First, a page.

percent, ladies and gentlemen.
Getting back to this year’s 902 souls lining up at the
pearly gates, the compelling figures for me were not the gross number, but
actually who was being killed. Guess what? Most cases of death or injury
involved motorcycles, said the government report compiled from Dec 29 to Jan
4. Most accidents happened on highways and involved motorcyclists and
passengers not wearing crash helmets.
At last, are we at the stage where we can point the
finger in the correct direction? Of course we are, but what are we going to
do with the knowledge that 83% of accidents are caused by reckless driving
or riding, and of those who are killed (this year around 80 percent) are
motorcycle riders and passengers without helmets?
Here is the ‘official’ stance as put forward by the
government minister in charge. He said he would put a road accident proposal
to cabinet. Better road safety measures were needed, harsher punishment for
drunk drivers and more breathalysers for police. Highway and local police
would be asked to monitor road safety on highways and the traffic
fine-sharing and traffic engineering systems would be improved. Accident
insurance would be revamped by sharply increasing premiums for people
involved in multiple road accidents and reducing premiums for those with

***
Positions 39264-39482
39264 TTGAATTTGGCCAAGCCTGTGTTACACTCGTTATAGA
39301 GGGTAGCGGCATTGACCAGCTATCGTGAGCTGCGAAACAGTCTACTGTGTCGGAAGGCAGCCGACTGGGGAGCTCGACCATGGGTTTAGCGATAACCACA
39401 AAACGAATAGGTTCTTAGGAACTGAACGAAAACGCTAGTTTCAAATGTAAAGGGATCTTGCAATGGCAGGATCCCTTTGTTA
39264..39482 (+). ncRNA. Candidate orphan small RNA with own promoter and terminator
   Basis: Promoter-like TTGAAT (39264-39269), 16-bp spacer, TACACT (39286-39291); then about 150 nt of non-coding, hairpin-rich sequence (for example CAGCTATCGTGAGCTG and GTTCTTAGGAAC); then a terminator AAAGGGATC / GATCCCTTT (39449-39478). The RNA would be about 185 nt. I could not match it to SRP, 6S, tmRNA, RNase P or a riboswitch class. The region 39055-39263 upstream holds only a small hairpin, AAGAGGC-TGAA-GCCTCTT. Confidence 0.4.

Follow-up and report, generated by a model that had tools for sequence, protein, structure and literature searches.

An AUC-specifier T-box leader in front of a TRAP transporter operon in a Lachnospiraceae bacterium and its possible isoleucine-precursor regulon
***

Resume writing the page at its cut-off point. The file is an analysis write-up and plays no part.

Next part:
clean accident records.
The PM got into the act too, being reported in a major
Bangkok daily as saying that measures to reduce accidents during the New
Year festival did not fail and he believed authorities had done their best.
Ungentlemanly conduct, disregard of traffic rules, disrespect shown to other
road users and recklessness were major causes of the holiday road death
toll, he said.
Can you see through the smokescreen? The government is
jumping on the western model bandwagon with threats of breathalyzers and
speed guns on motorways. Why not? After all, the slogan “Speed Kills”
has been waved as the call to the faithful for many years. It incidentally
has led to enormous revenues for the western police forces, with hidden
speed cameras being the method of choice.
I am not going to debate the case for and against
breathalyzers and speed cameras, being quite conversant with the problems
associated with the alcohol impaired driver, but I also know that the
concept “Speed Kills” is an oversimplification – speed by itself does
not kill, it is the sudden stop that does it.
Where I would take the slavish following of this western
model to task is in the appropriateness for the local situation in Thailand.
The traffic itself is quite distinctly different in Thailand vis-เ-vis
America, Europe, UK or Australia, all countries using the aforementioned
breathalyzer/speed camera approach to lower the road toll. Cause and effect
being touted as the reason behind it all. Back to Booze and Speed Kills.
The reason that following this line of approach does not
work in Thailand can be quickly seen by looking at the analysis of road
traffic and deaths. By far the majority of vehicles on the roads here are
motorcycles, not cars as in the west. Subsequently the majority of road
deaths comes from motorcycle accidents, not cars. One does not need rocket
science to work that one out. These motorcycle accidents were also not
caused by mechanical failure of the machine, brakes, tyres etc., so all the
good intentions of those running charity motorcycle clinics will obviously
come to naught. The vast majority of these fatal accidents are also not
caused by excessive speeding – inappropriate perhaps, but not excessive.
And of course alcohol plays a major part in the inappropriate road
behaviour, no-one would deny that.